During the 40 years in the wilderness, all the Israelites who had left Egypt die: 603,548 of the 603, 550 men—all except Joshua and Caleb. On the Plains of Jericho, Moses tells the new generation their story. This is not a simple recounting of Exodus, Leviticus and Numbers; it is a retelling of the story to a new generation on the back end of 40 years’ experience. Deuteronomy is Moses’ farewell address. At the end of the book he dies.
The march to the Promised Land takes 40 years. But the Israelites do not wander aimlessly in the wilderness during that time. (Recall the old explanation that Moses, like most men, was too stubborn to stop and ask for directions!) Refused passage through Edom on the King’s Highway, Moses diverts northwest to Kadesh Barnea, a large oasis, where the Israelites spend nearly 37 of the 40 years, finally entering the Promised Land through Moab, by a remote and very dangerous desert route.
I endeavored to show that a change of heart is not that in which a sinner is passive, but that in which he is active. That the change is not physical, but moral. That it is the sinner's own act. That it consists in changing his mind, or disposition, in regard to the supreme object of pursuit. A change in the end at which he aims, and not merely in the means of obtaining his end. A change in the governing choice or preference of the mind.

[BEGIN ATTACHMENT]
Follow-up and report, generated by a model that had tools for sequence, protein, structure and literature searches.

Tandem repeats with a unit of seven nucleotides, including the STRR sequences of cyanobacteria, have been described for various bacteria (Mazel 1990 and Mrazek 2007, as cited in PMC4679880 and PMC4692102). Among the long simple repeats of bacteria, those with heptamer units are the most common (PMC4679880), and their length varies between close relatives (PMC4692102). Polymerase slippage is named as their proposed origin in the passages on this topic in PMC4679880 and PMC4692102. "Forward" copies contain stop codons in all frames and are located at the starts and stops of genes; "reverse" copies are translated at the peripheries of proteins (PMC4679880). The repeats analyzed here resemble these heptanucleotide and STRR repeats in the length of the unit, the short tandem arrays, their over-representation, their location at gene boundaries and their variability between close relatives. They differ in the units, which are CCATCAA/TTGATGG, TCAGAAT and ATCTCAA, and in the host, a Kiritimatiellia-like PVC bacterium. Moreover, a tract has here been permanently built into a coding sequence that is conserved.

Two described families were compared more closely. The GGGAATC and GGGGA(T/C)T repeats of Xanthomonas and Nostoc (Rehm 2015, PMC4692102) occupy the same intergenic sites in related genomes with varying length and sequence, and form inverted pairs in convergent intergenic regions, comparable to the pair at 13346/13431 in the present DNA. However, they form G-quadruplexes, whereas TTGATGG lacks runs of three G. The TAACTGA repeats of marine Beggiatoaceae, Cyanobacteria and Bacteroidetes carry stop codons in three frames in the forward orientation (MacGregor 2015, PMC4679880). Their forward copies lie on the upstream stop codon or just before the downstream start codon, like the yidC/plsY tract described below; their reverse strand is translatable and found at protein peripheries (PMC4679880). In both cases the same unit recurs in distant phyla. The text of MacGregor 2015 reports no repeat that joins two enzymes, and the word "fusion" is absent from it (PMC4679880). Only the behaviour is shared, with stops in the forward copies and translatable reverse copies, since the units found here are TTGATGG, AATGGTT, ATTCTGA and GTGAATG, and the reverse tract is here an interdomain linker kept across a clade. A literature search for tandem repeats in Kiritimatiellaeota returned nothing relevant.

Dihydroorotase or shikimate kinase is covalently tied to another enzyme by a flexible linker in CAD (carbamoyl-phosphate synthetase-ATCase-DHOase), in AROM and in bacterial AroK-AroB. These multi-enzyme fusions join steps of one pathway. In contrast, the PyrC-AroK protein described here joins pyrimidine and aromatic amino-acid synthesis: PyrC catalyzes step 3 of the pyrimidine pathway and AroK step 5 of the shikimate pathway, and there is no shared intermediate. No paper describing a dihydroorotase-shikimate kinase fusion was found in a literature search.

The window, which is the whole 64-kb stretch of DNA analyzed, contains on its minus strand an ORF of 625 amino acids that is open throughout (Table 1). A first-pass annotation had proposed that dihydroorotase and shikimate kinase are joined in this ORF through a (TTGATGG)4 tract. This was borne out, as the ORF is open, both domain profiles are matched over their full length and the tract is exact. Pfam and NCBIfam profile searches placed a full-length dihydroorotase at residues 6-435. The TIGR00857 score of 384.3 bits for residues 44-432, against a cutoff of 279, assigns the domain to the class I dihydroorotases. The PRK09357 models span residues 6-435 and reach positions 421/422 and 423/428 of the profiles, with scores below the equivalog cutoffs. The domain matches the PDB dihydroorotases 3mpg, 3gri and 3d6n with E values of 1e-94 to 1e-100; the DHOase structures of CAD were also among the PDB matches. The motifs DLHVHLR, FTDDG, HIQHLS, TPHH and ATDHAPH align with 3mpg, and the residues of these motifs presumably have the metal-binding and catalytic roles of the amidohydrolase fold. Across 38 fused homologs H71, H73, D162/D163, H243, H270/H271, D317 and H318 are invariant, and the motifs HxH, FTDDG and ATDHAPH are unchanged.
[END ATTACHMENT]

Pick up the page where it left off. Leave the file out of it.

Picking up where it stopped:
With the Law in hand and the Tabernacle functioning, Moses organizes the Israelites by tribe, clan and family. A head count numbers 603,550 men, ages 20-50. The march to the Promised Land begins!
God continues prescribing rules and regulations for his people, including sexual and priestly behavior, and a comprehensive cycle of annual festivals, many of which are still observed today.
God then gives regulations concerning day-to-day life: What foods may be eaten; what clothing may be worn, and so on. God also institutes the holiest day on the Jewish calendar, the Day of Atonement, or Yom Kippur. It is to be celebrated in perpetuity.
In Leviticus, God tells his people to “be holy because I, the Lord your God, am holy” (Leviticus 19: 2). Leviticus is a handbook of holiness. Here God prescribes the five great sacrifices that enable a sinful people to be brought into fellowship with a holy God: 1) the burnt offering; 2) the grain offering; 3) the peace offering; 4) the sin offering; and 5) the guilt offering. Four of these five are animal sacrifices.